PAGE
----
In addition, women who have toxemia during pregnancy have lower hormone
levels. One recent study suggests that their daughters have a reduced risk
of breast cancer, possibly because their developing breast cells were
subjected to lower prenatal levels of circulating hormones.
Such evidence of the role of naturally occurring hormones in cancer risk
has led to the hypothesis that synthetic hormones could be involved as
well. Over the past three decades, several lines of evidence have converged
indicating that a number of commonly used synthetic compounds can modify or
mimic the actions of natural estrogen in the body. Some of these
hormone-mimicking compounds may be beneficial, such as those generally
found in plants and fish. In contrast, other hormone-mimicking compounds
appear to be generally harmful, such as those often found in pesticides,
plastics, and fuels. Experimental, wildlife, and some human studies have
found higher levels of some of these damaging compounds in organisms with
altered hormonal functioning or other health problems, including
developmental and behavioral defects These mechanisms would suggest that
strict measures ought to be taken to eliminate any bad xenohormones from
the environment, but this has yet to be achieved.
The Precautionary Principle
A new approach to thinking about environmental regulations and how we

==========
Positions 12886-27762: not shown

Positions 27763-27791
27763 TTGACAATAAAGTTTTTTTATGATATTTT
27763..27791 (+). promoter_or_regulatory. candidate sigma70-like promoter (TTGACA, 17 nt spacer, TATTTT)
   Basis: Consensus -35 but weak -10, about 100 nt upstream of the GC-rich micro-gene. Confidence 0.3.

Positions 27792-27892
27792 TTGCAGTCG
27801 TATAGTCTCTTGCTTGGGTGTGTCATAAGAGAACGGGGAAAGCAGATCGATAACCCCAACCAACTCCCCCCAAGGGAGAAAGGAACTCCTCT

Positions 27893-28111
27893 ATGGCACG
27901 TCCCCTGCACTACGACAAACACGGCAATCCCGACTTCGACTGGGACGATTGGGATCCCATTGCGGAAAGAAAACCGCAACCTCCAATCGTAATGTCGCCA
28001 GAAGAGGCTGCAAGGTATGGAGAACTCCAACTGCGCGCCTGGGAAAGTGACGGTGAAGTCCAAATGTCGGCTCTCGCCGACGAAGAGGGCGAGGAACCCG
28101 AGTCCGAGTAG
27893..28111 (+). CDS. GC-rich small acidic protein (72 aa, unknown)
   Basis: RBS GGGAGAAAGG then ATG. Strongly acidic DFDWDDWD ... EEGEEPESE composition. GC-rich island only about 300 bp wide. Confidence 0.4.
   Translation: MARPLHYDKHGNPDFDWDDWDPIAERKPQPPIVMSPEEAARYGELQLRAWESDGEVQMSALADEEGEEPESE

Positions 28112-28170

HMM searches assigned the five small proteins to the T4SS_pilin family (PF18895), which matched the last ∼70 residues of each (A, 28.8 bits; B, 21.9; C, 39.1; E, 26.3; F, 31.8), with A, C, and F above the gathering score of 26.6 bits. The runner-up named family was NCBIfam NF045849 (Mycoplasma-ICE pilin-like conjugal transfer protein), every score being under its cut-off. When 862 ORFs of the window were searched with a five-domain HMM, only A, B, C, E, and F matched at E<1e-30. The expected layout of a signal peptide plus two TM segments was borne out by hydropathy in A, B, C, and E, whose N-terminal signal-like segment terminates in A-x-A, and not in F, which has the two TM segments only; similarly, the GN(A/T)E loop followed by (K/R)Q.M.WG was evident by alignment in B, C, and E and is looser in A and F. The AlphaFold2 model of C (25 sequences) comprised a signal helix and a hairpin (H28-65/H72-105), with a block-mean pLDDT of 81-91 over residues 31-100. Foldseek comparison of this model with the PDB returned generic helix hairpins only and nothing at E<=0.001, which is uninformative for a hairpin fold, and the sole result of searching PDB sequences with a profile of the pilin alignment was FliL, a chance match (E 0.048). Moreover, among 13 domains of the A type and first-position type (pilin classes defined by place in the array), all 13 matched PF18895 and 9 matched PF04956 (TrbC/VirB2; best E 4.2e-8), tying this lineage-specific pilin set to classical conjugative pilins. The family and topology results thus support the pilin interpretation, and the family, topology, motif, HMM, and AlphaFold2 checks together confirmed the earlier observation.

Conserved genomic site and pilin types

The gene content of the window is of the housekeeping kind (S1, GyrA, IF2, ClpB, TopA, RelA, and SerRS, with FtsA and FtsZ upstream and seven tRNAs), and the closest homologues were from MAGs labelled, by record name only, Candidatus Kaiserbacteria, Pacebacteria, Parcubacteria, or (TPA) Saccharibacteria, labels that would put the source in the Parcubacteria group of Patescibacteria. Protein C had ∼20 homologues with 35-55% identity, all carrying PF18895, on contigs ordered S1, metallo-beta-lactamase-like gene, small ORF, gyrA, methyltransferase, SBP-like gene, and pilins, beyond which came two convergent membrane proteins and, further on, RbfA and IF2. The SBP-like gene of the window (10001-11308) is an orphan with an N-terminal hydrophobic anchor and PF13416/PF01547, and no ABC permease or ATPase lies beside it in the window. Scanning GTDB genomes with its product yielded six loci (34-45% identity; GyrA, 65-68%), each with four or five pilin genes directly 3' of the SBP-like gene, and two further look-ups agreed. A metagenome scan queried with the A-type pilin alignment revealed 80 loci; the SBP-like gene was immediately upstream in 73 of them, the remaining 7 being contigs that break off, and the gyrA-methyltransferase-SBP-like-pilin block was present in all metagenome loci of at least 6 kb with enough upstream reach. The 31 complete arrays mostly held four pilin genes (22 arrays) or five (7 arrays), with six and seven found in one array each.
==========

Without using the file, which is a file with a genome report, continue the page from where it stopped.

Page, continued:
evaluate and control exposures to toxic chemicals has been emerging over
the past few years. This approach, called the "precautionary principle,"
states that "when an activity raises threats of harm to the environment or
human health, precautionary measures should be taken even if some cause and
effect relationships are not fully established scientifically." Stated
differently, when significant risks to public health exist, efforts should
be made to reduce those risks, especially avoidable risks, even when
scientific knowledge is inconclusive. The precautionary principle shifts
the burden of proof from the general public to a proponent who creates a
public health or environmental risk. Instead of the public having to show
that they have been harmed, a proof that is virtually impossible because of
the lack of scientific information, a proponent has to prove that the
activity, process, or chemical exposure is harmless.
With regard to potential risk factors, Dr. Davis suggests that it is
"better to be approximately right than precisely wrong." It seems absurd
that we continue to expose ourselves to potential risk factors, merely
because we lack the "proof" necessary to eliminate them from the
environment. Rather, Dr. Davis suggested proactive policies such as the
promotion of workplace safety, pollution prevention, subsidization of
healthy agriculture, and integrated pest management. Through measures such
as these we cannot assure the elimination of cancer, but we can promote a
safer environment. Here, we can take positive steps towards encouraging a
healthy lifestyle and eventually eliminating the risk of cancer.
Thanks to Hope Nemiroff for this summary. More to come (possibly)
Devra Lee Davis' book
LINK to site with articles
(long-time environmental activist
Devra Lee Davis)